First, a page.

After a lot of tinkering and testing I discovered the following unusual behavior…

  • The voltage at A0 varies slightly when I change the USB from one pc to another (even such that the usb cable’s voltage line is removed) and as a result the reading on the scale changes slightly from one pc to another.
  • The voltage at A0 increases if the PC connected to the USB has the Arduino Leonardo drivers installed (so it is not just connected as a HID device).

I should note that… - Changing the USB from PC to PC shows no change to the excitation voltage or the voltage supplied to the INA125P from the buck booster. - Changing the USB from PC to PC shows no change to the voltage at Aref or at Vin.

I was hoping that I could get the answers to the following questions.

  1. How can I modify my circuit so as to reduce the bouncing and stabilize the analog signal from the INA125P at A0?
  2. How do I create the required negative voltage and how do I then apply it to my circuit such that I am able to achieve the full 10bits of resolution?
  3. How do I stop the voltage variation at A0 when connected via USB to different PC’s?

Any help would be greatly appreciated.

I'm not a specialist with signal amplification but the circuit wiring on this page http://www.jamesyawn.net/electronicstand/amp/board1.html makes more sense to me than your wiring. Have you tried that one?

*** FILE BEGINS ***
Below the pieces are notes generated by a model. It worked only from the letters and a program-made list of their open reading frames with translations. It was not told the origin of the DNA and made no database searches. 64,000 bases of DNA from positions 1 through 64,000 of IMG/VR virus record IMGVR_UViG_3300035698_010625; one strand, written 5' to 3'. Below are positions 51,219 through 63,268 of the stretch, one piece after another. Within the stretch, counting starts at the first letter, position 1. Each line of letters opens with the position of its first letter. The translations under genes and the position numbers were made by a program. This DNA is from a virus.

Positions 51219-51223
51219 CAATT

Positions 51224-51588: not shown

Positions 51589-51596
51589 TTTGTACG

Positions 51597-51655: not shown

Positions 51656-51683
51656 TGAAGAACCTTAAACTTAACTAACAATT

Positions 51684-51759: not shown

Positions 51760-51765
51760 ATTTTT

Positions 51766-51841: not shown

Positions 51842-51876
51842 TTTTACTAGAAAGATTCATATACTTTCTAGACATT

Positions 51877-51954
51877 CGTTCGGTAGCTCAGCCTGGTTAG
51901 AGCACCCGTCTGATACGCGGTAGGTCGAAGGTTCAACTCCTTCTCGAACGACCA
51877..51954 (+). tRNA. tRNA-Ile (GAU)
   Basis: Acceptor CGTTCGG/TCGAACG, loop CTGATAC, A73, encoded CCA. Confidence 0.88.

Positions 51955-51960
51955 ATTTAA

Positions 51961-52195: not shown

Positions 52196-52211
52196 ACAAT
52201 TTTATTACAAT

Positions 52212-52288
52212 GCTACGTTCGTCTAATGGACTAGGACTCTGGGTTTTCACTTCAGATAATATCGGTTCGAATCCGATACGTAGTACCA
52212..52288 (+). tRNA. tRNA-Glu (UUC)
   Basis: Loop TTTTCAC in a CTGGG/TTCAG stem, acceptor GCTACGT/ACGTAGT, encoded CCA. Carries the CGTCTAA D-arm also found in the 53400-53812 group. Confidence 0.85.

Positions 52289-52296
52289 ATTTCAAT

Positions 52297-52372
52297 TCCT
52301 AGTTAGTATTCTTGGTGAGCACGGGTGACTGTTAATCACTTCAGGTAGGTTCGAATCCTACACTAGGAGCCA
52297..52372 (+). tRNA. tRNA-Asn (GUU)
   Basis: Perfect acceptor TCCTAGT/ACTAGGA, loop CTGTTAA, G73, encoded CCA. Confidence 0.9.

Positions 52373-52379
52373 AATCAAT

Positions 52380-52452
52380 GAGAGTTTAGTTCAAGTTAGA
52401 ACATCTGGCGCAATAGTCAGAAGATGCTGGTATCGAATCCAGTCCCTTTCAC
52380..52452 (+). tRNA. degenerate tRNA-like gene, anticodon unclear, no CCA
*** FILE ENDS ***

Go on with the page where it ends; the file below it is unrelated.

From what I can tell, the only difference in the way the wiring that article shows is that he is using two batteries to supply the ina125p. One to supply the positive voltage and then he inverts the other to supply the negative voltage.

I am not using batteries and would like to stick with my current ac to dc power supply.

Do you think that I could somehow split the voltage from my buck booster to provide both a negative and positive voltage?

From what I can tell, the only difference in the way the wiring that article shows is that he is using two batteries to supply the ina125p. One to supply the positive voltage and then he inverts the other to supply the negative voltage.

I see another difference: You connected E+ to your positive voltage while the article connects it to 4/15. You connected that to the Arduino AREF. This gives you a stable reference voltage for the ADC but an unstable for the load cell. The load cell is probably much more sensible to instable voltages than the ADC is. What do you think?

Sorry, I did notice that and I should have elaborated. My load cells specify an excitation of 10V hence the reason why they are being supplied by the 10Vdc supply. I should mention that the 10V supply is regulated and upon measurement with a multimeter I do not notice any fluctuations... it seems quite stable.